“Life begins now and there is no point in allowing it to define me” Stuart Robinson
Stuart served in the Royal Air Force (RAF) until in 2013 his life changed forever. He was caught up in an explosion in Afghanistan, losing his lower left leg immediately in the blast, and later had to have his shattered right leg amputated too. Stuart has found the strength to live life beyond his injuries through the power of sport and will now proudly serve our nation once more in Tokyo.
Stuart graduated as a RAF Regiment Gunner one day after his 18th birthday and served in Northern Ireland, Iraq and Afghanistan. It was on his fourth deployment to Afghanistan that his life changed forever.
Stuart was on a routine patrol near Camp Bastion in 2013, when his vehicle hit an Improvised Explosive Device (IED). The force was so strong, he was thrown 30 feet through the air. The explosion left him with life changing injuries; he lost his lower left leg and his right was shattered and later had to be amputated. Stuart also suffered severe damage to his right arm, 18 spinal fractures and three fractures to his jaw. He split his tongue in half, had fractures to his sternum and ribs, a burst bladder and a shattered pelvis too.
He was put into an induced coma for six weeks, and doctors were unsure if he would survive. When he woke up, and while recovering in hospital he had to make the heart breaking decision to have his right leg removed.
Determined to get his life back to normal as quickly as possible, Stuart threw himself into his recovery programme, undergoing intense rehabilitation at our Headley Court facility.
“[I thought to myself] life begins now and there is no point in allowing it to define me,” he says.
“Sport gives me purpose in life.” Stuart Robinson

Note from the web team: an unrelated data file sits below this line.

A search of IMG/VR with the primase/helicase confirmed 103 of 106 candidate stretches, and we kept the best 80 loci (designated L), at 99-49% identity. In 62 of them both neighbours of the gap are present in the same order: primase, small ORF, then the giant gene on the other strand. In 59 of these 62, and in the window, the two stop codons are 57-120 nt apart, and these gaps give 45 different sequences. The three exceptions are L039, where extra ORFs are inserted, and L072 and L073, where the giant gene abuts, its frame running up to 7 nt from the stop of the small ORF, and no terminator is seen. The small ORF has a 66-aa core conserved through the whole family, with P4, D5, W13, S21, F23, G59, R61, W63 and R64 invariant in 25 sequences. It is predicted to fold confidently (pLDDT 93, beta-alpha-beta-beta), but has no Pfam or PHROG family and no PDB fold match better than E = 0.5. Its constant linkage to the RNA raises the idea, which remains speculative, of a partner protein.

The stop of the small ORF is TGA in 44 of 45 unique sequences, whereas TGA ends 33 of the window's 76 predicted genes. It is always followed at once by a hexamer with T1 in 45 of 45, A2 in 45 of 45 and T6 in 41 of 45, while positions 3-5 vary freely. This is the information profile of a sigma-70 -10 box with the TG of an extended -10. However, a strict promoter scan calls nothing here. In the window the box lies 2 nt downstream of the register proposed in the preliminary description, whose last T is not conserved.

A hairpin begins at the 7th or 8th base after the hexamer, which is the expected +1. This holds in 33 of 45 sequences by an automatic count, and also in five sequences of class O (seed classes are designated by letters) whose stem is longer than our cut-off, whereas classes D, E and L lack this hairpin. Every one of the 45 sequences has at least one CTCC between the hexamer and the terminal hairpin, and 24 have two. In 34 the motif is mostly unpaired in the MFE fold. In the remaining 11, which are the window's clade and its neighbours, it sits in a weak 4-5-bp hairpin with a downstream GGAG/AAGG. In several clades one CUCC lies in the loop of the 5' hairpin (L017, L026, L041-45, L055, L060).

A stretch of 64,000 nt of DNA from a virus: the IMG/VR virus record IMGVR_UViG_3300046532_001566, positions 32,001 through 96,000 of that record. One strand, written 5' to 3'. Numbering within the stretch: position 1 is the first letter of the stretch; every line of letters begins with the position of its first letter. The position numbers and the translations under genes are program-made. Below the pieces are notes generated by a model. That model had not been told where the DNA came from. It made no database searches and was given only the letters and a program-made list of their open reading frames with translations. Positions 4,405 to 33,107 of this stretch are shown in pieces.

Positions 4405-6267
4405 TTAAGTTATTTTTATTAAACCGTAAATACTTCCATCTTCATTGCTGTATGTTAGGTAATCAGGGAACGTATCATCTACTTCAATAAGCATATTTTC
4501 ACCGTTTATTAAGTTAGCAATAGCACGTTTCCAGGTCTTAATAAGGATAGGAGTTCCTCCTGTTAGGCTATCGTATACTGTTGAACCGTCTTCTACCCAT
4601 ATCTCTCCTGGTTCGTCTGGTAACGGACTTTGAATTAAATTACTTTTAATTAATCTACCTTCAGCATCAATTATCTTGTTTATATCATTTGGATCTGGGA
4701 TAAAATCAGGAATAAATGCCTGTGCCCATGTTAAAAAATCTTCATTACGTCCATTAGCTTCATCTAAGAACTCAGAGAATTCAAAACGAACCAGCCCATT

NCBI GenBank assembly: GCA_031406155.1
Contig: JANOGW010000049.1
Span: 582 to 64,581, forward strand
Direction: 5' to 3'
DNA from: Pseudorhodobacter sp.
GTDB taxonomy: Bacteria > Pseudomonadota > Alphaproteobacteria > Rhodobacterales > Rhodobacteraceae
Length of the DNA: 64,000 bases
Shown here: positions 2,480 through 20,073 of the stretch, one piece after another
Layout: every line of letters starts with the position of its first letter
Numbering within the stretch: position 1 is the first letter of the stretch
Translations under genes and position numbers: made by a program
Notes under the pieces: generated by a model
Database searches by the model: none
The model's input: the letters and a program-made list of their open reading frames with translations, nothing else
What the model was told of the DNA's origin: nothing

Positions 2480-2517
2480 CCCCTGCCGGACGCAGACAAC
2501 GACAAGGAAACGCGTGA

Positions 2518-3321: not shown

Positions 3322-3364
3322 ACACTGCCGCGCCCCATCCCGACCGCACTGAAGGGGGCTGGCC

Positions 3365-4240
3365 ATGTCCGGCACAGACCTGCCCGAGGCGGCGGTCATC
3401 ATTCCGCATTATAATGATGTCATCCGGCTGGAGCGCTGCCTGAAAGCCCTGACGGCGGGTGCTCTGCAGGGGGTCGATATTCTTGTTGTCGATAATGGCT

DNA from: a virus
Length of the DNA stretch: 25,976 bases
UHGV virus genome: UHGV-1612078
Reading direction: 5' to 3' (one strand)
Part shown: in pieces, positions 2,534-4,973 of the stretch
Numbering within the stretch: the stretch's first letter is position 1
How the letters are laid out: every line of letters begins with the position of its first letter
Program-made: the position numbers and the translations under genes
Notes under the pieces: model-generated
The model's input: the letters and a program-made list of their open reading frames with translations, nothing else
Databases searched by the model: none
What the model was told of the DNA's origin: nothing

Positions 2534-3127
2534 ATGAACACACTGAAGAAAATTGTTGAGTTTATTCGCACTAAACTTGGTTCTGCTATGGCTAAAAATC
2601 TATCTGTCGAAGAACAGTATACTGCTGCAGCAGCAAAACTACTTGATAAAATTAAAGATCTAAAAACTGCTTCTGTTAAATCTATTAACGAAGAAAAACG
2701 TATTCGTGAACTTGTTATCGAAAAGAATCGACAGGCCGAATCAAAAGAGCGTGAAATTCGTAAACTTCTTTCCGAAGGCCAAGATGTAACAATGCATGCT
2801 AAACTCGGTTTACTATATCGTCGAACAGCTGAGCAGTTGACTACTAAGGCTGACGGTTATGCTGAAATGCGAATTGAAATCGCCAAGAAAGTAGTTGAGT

Through our sports recovery programme, Stuart had the opportunity to try playing wheelchair rugby. He found he had a natural talent for it and went on to take part in the Invictus Games, winning a gold medal.
“Since deciding to get involved in the Invictus Games, I haven't looked back,” he says.
“Being able to continue the camaraderie and close knit community [that comes with being in the military], albeit on a much larger platform and with the ability to perform in a sporting environment, is a massive part of my ongoing recovery and rehabilitation. Sport gives me an ongoing commitment and purpose in life.
“Winning a gold medal in the wheelchair rugby at the Invictus Games in 2014 only inspired me to push on and try and make something from sport. I have loved every minute of my sporting career so far and am always looking to push onto bigger and better [things]”.
Stuart has competed at the 2014, 2016 and 2017 Invictus Games He is part of the Great British Wheelchair Rugby Development Squad, and was part of the team that successfully retained their title at both the 2017 and 2019 European Championships. He attended the Rio 2016 Paralympics, and then went on to win gold in the 2020 Tokyo Paralympics, with the rest of team GB.
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